She’s watched enough children’s movies with aliens in them to ask the next questions. Are there really aliens out there on those places like Earth? I told her I didn’t know, but that I thought so.
Then I asked her whether she would feel happier if there were aliens or if there weren’t any. She didn’t say anything for a long time, but I know she heard me because she reached over and held my hand after a moment.
It’s one of those questions where neither answer particularly makes you feel safe.
9. The Dam Keeper
The Dam Keeper is a 2014 American animated short film directed by former Pixar art directors Robert Kondo and Daisuke Tsutsumi. It tells the story of Pig, an introverted youth who lives in a windmill and keeps a dark fog from engulfing his town. Although socially rejected by his peers, he is befriended by the artistic Fox.
I was blown away by this short animated film, much like I’ve been blown away by some of the recent ones in front of Disney and Pixar films (like Paper).
I watched this just last week with my seven year old standing next to me and my five year old on my lap. We watched it. They wanted to watch it again. Then again.
Later, my nine year old came upstairs and asked me what the name of the “pig movie” was. He found it on YouTube and the three of them watched it another few times.
It’s just mesmerizing and well-executed, the type of thing that made me wish I had the artistic skills to pull such a thing together.
10. Otto von Bismarck on the horror of war
“Anyone who has ever looked into the glazed eyes of a soldier dying on the battlefield will think hard before starting a war.” – Otto von Bismarck
Whenever we commit anyone to a battlefield, whether the cause is great or not, we are paying a heavy price, one that many of us overlook. As a nation, we are frightfully willing to flip that switch of “military action” to take on anything we see that we don’t like in the world.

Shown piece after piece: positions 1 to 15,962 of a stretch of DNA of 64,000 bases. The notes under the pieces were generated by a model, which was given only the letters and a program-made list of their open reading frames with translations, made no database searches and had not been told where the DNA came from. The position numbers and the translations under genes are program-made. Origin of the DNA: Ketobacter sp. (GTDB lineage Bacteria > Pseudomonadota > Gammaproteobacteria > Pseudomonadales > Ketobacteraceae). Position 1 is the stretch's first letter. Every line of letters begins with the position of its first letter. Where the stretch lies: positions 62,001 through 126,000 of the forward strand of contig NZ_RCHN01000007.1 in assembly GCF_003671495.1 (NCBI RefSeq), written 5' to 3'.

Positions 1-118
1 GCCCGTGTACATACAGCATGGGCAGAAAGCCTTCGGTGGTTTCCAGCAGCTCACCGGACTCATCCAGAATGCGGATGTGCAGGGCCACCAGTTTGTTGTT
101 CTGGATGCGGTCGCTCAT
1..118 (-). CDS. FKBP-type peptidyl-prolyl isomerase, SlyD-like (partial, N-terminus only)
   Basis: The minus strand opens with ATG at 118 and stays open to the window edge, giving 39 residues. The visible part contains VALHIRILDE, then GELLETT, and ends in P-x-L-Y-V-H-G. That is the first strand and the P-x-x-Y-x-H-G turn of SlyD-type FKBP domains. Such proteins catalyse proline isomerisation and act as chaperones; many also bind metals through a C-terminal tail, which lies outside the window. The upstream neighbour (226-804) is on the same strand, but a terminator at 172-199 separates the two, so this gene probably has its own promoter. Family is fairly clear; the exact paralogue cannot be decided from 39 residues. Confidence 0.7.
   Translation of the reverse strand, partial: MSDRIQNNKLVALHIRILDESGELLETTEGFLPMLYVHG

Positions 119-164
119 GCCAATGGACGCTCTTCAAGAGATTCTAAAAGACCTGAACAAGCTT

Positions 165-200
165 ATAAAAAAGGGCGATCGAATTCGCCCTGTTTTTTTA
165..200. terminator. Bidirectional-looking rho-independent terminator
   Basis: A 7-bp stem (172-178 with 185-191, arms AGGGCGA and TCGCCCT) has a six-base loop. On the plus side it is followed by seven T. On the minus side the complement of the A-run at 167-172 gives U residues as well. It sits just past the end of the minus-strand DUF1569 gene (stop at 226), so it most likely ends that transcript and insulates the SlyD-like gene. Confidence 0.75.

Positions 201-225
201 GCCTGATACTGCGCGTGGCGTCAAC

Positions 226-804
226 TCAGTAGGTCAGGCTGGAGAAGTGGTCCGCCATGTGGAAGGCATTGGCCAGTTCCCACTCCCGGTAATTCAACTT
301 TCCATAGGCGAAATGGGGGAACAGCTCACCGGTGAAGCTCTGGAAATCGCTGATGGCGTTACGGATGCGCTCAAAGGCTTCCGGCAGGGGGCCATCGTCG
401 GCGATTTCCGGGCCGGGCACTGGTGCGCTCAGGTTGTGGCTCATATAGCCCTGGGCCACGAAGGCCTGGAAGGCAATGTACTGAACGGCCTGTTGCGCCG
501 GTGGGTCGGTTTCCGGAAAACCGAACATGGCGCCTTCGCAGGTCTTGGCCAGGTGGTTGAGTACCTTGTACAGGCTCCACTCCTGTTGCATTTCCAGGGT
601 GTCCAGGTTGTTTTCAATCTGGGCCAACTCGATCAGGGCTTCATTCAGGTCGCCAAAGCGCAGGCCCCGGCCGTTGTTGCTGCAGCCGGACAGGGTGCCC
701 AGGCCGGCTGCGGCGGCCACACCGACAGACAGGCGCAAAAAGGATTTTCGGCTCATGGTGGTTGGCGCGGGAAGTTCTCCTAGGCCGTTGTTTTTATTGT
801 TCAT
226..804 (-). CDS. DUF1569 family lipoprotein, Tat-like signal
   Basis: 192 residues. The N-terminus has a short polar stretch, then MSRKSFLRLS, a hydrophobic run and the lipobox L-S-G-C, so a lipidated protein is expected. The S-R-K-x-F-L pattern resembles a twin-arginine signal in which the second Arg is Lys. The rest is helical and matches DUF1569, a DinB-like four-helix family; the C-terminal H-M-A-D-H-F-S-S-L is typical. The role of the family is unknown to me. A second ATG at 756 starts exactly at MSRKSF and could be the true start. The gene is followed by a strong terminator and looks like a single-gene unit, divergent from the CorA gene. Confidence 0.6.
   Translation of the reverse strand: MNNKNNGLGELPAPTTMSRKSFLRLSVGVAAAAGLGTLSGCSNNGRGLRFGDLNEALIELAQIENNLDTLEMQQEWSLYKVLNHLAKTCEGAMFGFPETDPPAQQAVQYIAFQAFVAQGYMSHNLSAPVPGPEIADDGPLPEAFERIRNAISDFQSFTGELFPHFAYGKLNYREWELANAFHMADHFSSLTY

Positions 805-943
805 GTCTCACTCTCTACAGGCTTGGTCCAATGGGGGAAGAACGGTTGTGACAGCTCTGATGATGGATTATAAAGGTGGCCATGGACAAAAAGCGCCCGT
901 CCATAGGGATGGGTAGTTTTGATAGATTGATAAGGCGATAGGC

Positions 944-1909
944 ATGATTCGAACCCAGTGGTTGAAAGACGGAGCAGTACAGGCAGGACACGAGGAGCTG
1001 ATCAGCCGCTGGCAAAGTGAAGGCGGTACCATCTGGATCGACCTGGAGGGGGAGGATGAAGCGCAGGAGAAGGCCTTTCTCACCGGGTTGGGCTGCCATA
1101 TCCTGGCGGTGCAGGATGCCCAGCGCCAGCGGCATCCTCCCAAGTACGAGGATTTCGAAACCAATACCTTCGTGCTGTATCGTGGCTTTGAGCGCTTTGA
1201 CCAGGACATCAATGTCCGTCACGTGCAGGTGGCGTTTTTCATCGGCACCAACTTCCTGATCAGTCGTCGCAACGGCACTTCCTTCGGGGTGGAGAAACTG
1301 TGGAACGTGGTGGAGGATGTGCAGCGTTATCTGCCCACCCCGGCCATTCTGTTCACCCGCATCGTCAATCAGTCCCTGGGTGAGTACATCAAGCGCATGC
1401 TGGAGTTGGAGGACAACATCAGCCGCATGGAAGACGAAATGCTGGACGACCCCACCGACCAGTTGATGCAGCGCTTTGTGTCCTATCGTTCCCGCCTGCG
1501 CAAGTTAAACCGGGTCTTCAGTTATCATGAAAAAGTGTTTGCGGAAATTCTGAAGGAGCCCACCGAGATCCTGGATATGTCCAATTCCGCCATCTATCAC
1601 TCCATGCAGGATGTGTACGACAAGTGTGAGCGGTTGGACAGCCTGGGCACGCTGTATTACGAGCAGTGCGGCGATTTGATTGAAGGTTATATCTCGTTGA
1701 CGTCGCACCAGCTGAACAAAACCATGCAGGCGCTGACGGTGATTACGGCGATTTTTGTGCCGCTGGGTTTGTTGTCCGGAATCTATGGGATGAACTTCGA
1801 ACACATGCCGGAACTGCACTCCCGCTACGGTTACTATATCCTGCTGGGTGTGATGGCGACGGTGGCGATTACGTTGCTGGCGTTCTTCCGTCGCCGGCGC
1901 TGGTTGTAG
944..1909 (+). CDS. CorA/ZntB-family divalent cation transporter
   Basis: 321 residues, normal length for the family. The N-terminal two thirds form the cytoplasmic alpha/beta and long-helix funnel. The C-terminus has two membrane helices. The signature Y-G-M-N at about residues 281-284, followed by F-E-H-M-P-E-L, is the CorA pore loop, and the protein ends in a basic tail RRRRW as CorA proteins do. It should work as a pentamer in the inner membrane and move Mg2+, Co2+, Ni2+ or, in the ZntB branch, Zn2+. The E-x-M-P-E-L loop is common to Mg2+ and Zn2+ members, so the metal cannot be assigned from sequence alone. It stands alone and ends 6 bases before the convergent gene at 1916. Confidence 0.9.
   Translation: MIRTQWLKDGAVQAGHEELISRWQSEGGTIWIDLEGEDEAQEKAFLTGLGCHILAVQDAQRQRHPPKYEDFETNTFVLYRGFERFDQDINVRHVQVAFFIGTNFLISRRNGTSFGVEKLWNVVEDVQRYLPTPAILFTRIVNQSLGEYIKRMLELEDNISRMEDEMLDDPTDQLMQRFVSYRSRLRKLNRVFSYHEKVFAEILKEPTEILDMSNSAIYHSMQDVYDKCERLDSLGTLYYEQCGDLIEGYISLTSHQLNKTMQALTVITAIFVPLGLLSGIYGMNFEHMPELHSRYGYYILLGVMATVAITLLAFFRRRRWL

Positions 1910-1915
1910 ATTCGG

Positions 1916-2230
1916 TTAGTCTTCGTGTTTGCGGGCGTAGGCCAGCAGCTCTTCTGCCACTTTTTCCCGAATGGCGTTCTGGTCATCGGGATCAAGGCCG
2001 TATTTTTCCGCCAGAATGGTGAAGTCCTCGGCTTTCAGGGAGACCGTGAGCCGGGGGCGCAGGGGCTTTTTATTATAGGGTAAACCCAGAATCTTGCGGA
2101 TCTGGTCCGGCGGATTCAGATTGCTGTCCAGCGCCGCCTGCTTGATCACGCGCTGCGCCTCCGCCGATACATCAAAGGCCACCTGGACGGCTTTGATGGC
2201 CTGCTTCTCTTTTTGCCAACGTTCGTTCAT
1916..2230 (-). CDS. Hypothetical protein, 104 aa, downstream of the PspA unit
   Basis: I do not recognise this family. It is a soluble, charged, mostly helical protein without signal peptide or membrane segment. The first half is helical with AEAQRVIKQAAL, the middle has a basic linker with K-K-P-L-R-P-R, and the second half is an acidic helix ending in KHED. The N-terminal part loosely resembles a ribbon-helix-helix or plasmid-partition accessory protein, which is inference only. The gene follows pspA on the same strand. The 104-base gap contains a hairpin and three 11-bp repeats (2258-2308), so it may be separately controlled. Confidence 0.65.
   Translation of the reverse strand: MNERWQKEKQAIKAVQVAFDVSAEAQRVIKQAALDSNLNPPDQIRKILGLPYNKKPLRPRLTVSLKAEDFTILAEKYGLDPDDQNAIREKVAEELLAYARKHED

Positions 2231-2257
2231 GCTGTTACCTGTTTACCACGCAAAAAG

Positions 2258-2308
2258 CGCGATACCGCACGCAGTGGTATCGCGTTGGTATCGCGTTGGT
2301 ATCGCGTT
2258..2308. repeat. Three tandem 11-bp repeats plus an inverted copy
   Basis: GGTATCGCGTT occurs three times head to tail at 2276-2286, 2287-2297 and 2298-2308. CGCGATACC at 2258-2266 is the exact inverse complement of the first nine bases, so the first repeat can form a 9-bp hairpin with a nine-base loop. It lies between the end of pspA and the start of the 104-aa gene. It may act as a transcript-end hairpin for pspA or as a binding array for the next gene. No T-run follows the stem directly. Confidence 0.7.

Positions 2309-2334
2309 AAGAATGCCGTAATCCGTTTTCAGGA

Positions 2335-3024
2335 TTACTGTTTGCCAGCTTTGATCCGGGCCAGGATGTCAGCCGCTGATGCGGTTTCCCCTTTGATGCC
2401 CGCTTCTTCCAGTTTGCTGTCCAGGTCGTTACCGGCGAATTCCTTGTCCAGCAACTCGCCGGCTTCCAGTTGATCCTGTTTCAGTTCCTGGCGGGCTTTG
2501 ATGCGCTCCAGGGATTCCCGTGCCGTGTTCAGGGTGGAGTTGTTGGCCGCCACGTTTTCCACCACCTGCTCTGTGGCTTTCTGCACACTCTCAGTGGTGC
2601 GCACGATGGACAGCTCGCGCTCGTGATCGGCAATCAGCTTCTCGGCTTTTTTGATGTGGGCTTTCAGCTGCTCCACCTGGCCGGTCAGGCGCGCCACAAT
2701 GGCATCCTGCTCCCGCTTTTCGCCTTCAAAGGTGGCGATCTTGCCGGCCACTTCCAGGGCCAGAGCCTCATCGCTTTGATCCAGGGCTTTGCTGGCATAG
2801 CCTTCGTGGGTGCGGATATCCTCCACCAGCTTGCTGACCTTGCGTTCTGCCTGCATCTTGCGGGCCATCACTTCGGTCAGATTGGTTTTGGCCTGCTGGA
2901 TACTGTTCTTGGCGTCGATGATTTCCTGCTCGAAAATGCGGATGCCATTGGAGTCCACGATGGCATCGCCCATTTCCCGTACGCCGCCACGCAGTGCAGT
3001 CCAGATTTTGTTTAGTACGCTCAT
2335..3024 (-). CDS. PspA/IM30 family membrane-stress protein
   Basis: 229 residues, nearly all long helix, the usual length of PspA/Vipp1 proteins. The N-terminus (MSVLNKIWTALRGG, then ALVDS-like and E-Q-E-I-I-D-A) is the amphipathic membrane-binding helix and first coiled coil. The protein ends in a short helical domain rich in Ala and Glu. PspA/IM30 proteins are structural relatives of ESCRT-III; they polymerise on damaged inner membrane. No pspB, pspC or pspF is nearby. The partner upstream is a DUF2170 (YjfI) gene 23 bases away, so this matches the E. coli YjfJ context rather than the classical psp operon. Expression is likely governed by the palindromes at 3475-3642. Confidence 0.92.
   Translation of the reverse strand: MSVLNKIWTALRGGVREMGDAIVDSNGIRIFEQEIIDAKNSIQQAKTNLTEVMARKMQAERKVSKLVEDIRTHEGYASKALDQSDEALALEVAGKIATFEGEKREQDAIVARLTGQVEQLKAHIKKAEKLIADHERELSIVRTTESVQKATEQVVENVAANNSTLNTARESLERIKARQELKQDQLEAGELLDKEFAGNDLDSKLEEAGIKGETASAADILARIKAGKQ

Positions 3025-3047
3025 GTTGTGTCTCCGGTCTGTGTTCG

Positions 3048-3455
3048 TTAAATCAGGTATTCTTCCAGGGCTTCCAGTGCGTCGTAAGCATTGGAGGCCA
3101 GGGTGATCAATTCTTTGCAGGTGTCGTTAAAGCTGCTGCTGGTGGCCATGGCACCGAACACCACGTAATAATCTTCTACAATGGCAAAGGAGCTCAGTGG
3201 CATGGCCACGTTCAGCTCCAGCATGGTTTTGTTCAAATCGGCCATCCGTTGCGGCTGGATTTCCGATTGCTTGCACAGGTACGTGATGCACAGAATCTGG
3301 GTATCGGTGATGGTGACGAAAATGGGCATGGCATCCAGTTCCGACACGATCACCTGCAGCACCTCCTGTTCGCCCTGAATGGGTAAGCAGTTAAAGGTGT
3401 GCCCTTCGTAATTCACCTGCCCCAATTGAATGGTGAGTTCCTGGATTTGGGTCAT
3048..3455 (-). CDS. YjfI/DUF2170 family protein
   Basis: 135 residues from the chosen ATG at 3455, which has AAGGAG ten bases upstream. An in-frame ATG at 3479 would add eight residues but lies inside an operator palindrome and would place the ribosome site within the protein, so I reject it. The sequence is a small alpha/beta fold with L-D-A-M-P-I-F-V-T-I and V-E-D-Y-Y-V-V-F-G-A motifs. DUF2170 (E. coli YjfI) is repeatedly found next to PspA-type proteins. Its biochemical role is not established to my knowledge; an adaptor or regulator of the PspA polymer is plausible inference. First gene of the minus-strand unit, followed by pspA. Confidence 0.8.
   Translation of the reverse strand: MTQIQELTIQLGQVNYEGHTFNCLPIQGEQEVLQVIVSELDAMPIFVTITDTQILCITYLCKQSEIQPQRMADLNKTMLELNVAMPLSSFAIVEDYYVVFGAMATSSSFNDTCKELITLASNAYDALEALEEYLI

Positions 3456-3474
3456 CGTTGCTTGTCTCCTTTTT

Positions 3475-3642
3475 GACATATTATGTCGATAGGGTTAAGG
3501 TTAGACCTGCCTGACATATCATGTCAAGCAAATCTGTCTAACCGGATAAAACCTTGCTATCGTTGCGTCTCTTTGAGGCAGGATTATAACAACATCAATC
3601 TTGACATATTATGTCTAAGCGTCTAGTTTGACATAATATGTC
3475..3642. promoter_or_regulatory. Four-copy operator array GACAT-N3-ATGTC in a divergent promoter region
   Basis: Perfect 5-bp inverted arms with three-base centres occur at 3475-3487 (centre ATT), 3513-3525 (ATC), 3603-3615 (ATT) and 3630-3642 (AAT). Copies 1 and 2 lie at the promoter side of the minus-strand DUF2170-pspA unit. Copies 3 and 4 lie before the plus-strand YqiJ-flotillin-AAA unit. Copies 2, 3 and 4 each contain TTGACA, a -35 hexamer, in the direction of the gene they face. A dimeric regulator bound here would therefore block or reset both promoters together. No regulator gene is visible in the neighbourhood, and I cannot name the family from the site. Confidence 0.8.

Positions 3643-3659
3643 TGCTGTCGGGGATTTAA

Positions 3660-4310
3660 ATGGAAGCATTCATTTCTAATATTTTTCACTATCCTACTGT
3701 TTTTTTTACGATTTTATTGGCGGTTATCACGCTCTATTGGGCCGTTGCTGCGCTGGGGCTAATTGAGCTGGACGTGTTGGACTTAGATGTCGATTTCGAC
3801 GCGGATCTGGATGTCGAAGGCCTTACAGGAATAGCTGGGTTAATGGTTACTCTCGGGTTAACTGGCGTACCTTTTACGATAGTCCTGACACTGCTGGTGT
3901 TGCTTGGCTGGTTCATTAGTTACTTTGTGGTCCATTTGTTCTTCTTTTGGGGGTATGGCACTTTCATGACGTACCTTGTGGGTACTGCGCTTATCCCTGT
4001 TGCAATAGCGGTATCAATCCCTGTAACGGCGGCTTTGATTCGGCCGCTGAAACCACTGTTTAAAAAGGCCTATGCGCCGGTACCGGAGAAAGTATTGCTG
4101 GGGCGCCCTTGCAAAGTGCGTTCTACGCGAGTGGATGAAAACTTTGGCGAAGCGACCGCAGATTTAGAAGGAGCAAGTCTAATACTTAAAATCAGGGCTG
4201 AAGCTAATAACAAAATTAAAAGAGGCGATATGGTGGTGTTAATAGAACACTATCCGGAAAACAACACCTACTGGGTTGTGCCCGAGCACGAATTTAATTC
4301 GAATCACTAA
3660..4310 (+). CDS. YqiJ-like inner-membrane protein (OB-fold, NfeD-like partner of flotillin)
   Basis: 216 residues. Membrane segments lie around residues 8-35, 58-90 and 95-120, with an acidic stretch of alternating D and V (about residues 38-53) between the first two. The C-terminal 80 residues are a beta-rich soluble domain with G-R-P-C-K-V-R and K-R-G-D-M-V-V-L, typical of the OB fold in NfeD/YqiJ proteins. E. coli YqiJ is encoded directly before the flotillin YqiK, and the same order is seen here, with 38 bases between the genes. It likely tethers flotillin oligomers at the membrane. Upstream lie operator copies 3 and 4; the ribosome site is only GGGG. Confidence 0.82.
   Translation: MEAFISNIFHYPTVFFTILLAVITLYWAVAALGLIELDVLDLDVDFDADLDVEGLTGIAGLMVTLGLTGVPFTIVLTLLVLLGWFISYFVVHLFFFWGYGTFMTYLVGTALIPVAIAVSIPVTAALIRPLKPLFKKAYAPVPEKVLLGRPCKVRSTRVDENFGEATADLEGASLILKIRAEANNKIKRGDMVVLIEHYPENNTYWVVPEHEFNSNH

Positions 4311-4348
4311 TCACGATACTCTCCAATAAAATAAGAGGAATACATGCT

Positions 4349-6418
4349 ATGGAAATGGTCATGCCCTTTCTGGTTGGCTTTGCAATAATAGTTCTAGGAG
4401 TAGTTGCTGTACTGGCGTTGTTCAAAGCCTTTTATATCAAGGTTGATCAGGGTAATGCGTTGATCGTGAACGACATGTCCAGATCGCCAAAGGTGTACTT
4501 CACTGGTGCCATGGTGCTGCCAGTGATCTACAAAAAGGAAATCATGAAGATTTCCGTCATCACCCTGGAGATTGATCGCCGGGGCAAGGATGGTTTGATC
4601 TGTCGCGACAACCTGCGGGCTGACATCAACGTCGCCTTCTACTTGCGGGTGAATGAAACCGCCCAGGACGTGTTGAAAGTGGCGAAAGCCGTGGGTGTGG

The end result? More death.
I often wonder how many Mozarts and Einsteins we’ve blown up with unintended bombs, how many young Beethovens and Newtons we’ve left without parents so that their flame is snuffed out.
How many fathers and mothers have died fighting for a cause they were conscripted for, leaving a parentless child behind?
How many wars are really worth that? Not nearly as many has have been fought.
11. Peering through the grass
One of my favorite things to do with my children is to wander in open fields with them, wherever we can find them. We always find interesting things as we explore, whether it’s a bone from a long-dead animal, some unusual butterflies, a strange plant, or something else.
I often find myself wondering what this all looks like from their angle, so I’ll often kneel down in the grass, bringing my eye to their level and peering at the world through simple breaks in the tall grass.
Everything looks so different.
I get so used to how the world looks from my own eyes that sometimes it is really powerful to look at the world from the angle at which others see it.
Many thanks to A Guy Taking Pictures for this image.
12. Ingmar Bergman on working together
“Regardless of whether I believe or not, whether I am a Christian or not, I would play my part in the collective building of the cathedral.” – Ingmar Bergman
The greatest things in the world aren’t always in lockstep with what we believe.
The greatest things in the world don’t have to be twisted to our own specific desires and wants.
The greatest things in the world go far beyond one individual person, and require each of those persons to contribute to something that doesn’t perfectly match their own desires.
What great things are we building?